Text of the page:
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Delivering Life-Changing Legal Assistance to Tribal Communities Across Minnesota

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Photo of Kelsey Gunvalson
Photo of Kelsey Gunvalson, 2022 RSLC Student Fellow

This article was originally posted in January 2023. Kelsey Gunvalson, a 2022 Student Fellow in our Rural Summer Legal Corps and a current member of the Equal Justice Works National Advisory Committee, shares how an Equal Justice Works Student Fellowship helped her to build legal skills outside the classroom. Kelsey was hosted by Legal Services of Northwest Minnesota Corporation. 

In 2022, I went back to my roots to serve the community I grew up in. Throughout my childhood, I saw how rural populations face a barrier in receiving proper legal representation. This affects not only individual lives but generates a systemic impact on the whole community. My Student Fellowship allowed me help address the justice gap through the Justice Bus; a mobile law office that enables lawyers to hold free legal clinics in rural and isolated communities. Because of the Justice Bus, I was able to help underserved people by connecting them with appropriate legal resources to yield actionable results. It was especially meaningful to see the relief on someone’s face after their voice was heard and knowing they have options.

My Student Fellowship allowed me help address the justice gap through the Justice Bus; a mobile law office that enables lawyers to hold free legal clinics in rural and isolated communities.

Kelsey Gunvalson /
2022 Student Fellow
Rural Summer Legal Corps

My time as a Student Fellow taught me so much— mainly that a successful civil legal aid attorney listens to the client without inserting their personal bias. It is an imperative for attorneys to give credence to their client’s story and to understand their perspective before educating them about legal options. In understanding a client’s perspective, it is important to be sensitive to the different cultural values among the community. In the area I served, 22% of the total population are indigenous, which demonstrated an importance in providing education and outreach on tribal lands.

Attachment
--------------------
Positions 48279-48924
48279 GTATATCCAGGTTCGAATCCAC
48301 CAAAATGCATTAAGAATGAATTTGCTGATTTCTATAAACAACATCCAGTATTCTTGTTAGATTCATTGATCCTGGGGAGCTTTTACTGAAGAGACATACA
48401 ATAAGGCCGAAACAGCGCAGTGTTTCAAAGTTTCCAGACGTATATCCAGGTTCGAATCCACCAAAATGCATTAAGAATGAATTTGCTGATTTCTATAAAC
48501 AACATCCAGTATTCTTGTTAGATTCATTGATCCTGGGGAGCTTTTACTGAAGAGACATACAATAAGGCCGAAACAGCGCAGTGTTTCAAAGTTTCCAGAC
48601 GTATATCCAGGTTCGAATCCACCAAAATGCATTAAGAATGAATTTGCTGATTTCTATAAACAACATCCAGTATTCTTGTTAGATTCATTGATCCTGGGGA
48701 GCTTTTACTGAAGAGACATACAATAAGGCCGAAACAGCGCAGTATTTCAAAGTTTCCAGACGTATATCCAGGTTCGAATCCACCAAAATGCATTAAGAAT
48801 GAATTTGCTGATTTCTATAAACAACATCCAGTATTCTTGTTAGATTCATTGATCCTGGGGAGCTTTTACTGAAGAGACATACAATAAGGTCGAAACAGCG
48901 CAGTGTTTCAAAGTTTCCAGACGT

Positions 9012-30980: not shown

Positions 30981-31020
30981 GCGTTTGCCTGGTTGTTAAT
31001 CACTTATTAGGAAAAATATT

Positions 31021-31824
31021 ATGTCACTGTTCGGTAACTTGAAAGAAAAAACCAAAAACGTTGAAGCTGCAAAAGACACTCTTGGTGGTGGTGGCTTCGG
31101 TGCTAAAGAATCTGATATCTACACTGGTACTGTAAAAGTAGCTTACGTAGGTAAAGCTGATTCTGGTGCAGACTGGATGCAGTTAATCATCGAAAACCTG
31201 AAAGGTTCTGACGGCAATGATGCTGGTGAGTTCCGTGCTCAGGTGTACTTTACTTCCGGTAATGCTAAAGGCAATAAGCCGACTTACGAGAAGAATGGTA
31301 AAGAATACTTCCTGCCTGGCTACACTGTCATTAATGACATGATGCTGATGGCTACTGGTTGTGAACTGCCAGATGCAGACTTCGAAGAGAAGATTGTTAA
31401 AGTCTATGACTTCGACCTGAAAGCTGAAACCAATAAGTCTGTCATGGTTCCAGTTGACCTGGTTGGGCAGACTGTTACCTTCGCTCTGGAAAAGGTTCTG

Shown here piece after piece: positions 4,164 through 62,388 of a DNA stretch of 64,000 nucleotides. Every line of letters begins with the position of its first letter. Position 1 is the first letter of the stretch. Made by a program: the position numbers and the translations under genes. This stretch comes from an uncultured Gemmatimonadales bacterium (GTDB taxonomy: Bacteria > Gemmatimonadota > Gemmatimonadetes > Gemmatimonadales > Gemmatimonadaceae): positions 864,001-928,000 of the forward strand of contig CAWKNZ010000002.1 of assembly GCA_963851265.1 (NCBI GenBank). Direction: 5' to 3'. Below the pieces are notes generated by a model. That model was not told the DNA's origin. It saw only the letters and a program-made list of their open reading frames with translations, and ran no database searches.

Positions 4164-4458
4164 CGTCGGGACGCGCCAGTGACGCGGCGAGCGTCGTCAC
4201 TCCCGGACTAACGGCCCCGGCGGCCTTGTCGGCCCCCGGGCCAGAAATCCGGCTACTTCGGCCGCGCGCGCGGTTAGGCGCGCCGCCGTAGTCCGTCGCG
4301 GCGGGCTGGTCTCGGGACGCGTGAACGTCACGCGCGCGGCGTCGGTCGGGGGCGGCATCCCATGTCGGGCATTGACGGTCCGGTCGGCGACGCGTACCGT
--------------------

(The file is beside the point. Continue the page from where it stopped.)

Kelsey Gunvalson standing outside of the Justice Bus, a mobile method of delivering legal services to communities who otherwise don't have access to such resources.
Kelsey Gunvalson standing outside of the Justice Bus, a mobile method of delivering legal services to communities who otherwise don’t have access to such resources.

The highlight of my Rural Summer Legal Corps experience was taking the Justice Bus to pow wows which celebrate local tribal communities. Participating in legal clinics on local reservations strengthened my appreciation for tribal culture while bridging a connection with tribal legal services. By working with both legal aid and tribal attorneys, I was able to learn about the nuances of tribal law and jurisdictional complexities between different legal systems.

I would recommend the Rural Summer Legal Corps to law students who are looking for a way to make a material impact on people’s lives and to feel good about the work they do.

If you are interested in embarking on a summer of service like Kelsey, apply to the Rural Summer Legal Corps by 11:59 p.m. ET on February 13, 2024. For more information about program eligibility and requirements, please visit here.

By working with both legal aid and tribal attorneys, I was able to learn about the nuances of tribal law and jurisdictional complexities between different legal systems.

Kelsey Gunvalson /
2022 Student Fellow
Rural Summer Legal Corps

Learn more about becoming an Equal Justice Works Fellow